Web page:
Jonah Goldberg
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Reformers have an unfair advantage: the word "reform." For example, this week the House of Representatives passed the Shays-Meehan campaign finance "reform." I put those quotation marks around reform because I think the legislation makes things worse, not better. You see, according to my dictionary, reform means "to improve by alteration, correction of error, or removal of defects." It also says the word can mean "to abolish abuse or malpractice," as in the phrase "reform of government." In other words, the so-called reformers always steal first base by using a word that means "to make better." Newspapers and newscasters refer to "campaign finance reform" -- and a zillion other "reforms" -- without ever using quotation marks or qualifiers. In effect, they are editorializing in favor of a proposal just by using the word. Opponents of reform are, by definition, opposed to making things better. Substitute "improve" or some other synonym for reform in any news article, and you'll see what I mean. "Democrats tried once again to improve the campaign finance system, but Republicans vowed to fight any measure that would make it better." Of course, this is just a small fang belonging to a very big dragon that conservatives have been unable to slay for centuries -- the widely held conviction that "progress" and "change" mean the same thing. St. Augustine, C.S. Lewis, G.K. Chesterton and countless others have meditated long and hard on the pernicious belief that anything new is inherently better. One of the "canons of conservatism," according to Russell Kirk's seminal book from 1953, "The Conservative Mind," is the "recognition that change and reform are not identical, and that innovation is a devouring conflagration more often than it is a torch of progress." I think Chesterton said it better when he lamented that "progress is the mother of problems." If that's true, then "reform" is the father of problems. Indeed, many of the problems screaming out for reform were actually reforms themselves. Remember all the screaming about the independent counsel? Well, that position was a reform too. Rent control was supposed to make housing more affordable in places like New York City. Instead it made housing more scarce and therefore more expensive. Anti-cronyism reforms created our professional government bureaucracy. Mandating better mileage for cars not only resulted in lighter -- and therefore deadlier -- cars, but it also launched the market for gas-guzzling SUVs, which, as "light trucks," are exempt from efficiency regulations. Last year was the first time Americans bought more trucks than cars. Neo-conservatives call this "the law of unintended consequences." Planners and reformers demand implementation of A to fix B, but they are oblivious to the effects on C, D, E, F ... and the rest of the alphabet. Child safety caps? Kip Viscusi, a researcher at Harvard, argues that they kill more people than they save (and I don't mean deaths from trying to open the aspirin during a hangover). Parents became overconfident about the safety of prescription medicine, because of the caps, and are more likely to leave them where kids can find them. My own wife, Jessica Gavora, has just completed a book, "Tilting the Playing Field," on the perverse consequences of Title IX of the 1972 Civil Rights Act. The "reform" requires schools to have parity between men and women in college athletics. The idea was to get more women involved in sports. The result, though, has been the mass closures of men's collegiate sports teams in order to have numerical "equality" between the sexes. The National Wrestling Coaches Association is suing the U.S. government over this because college wrestling could become extinct in a few years. Men's baseball at Boston University, hockey at Kent State University and swimming at the University of New Mexico have all been killed by Title IX, even though women aren't being denied access to sports. It's the men who are being denied in order to maintain the right girl-boy balance. But there will be time for me to peddle my wife's book another day. I haven't even mentioned "soft money," the filthy flaccid lucre destroying our democracy. People forget that soft money was a reform too, one of many -- along with PACs and the like -- that came out of the "Watergate reforms" of the 1970s. These new regulations, which advocates term "campaign finance reform," will merely make the system more Byzantine and create new categories of "outrageous" behavior by politicians. I don't know precisely how it will happen. But I predict with metaphysical certainty that we will hear pleas for the reform of these latest reforms. In the not too distant future. My solution to all of this is simple. You might even call it a very modest reform. You see, there's another word in my dictionary called "re-form." It's got that nifty little hyphen. This word simply means to form again or change from one form to another, as in I re-formed my ball of Silly Putty. Judging from history, I don't think we should assume any change in the law is an improvement or a "reform" without the hyphen. We can only know if a change is an improvement over time. So until then, we should just call it a re-form. But I'm not holding my breath while I wait for that hyphen.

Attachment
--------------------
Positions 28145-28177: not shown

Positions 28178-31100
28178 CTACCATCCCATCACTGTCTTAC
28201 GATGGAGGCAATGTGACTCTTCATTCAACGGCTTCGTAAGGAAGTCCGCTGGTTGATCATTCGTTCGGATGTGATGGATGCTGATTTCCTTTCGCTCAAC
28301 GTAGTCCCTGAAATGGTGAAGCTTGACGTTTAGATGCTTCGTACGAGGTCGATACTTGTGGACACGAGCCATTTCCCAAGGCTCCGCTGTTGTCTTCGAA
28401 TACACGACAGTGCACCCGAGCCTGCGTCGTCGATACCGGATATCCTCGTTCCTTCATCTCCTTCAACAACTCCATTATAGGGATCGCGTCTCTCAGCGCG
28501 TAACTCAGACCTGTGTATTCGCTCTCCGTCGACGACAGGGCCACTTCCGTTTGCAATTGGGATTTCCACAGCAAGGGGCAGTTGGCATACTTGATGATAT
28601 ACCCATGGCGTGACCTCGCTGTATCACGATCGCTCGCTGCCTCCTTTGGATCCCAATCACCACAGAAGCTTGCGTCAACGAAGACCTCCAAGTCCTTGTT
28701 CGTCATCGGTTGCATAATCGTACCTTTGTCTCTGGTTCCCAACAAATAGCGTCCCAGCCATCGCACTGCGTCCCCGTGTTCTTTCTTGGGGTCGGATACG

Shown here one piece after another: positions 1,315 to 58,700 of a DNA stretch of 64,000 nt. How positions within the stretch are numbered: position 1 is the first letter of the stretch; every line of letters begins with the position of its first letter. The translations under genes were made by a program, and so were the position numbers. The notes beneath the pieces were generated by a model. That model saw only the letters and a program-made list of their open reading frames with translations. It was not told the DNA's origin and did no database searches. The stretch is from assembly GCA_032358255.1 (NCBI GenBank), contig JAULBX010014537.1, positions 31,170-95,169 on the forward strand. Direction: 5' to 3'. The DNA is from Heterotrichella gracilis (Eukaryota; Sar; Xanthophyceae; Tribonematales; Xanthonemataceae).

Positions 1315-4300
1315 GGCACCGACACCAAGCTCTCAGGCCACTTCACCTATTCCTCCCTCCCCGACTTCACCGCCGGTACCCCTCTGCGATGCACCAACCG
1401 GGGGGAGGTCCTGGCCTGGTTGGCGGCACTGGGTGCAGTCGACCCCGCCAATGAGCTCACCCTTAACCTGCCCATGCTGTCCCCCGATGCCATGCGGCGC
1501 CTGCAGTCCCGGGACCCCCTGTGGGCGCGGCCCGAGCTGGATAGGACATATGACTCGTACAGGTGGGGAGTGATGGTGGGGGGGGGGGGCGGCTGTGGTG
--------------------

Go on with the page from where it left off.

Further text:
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Jonah Goldberg

Jonah Goldberg is editor-at-large of National Review Online,and the author of the forthcoming book The Tyranny of Clichés. You can reach him via Twitter @JonahNRO.
 
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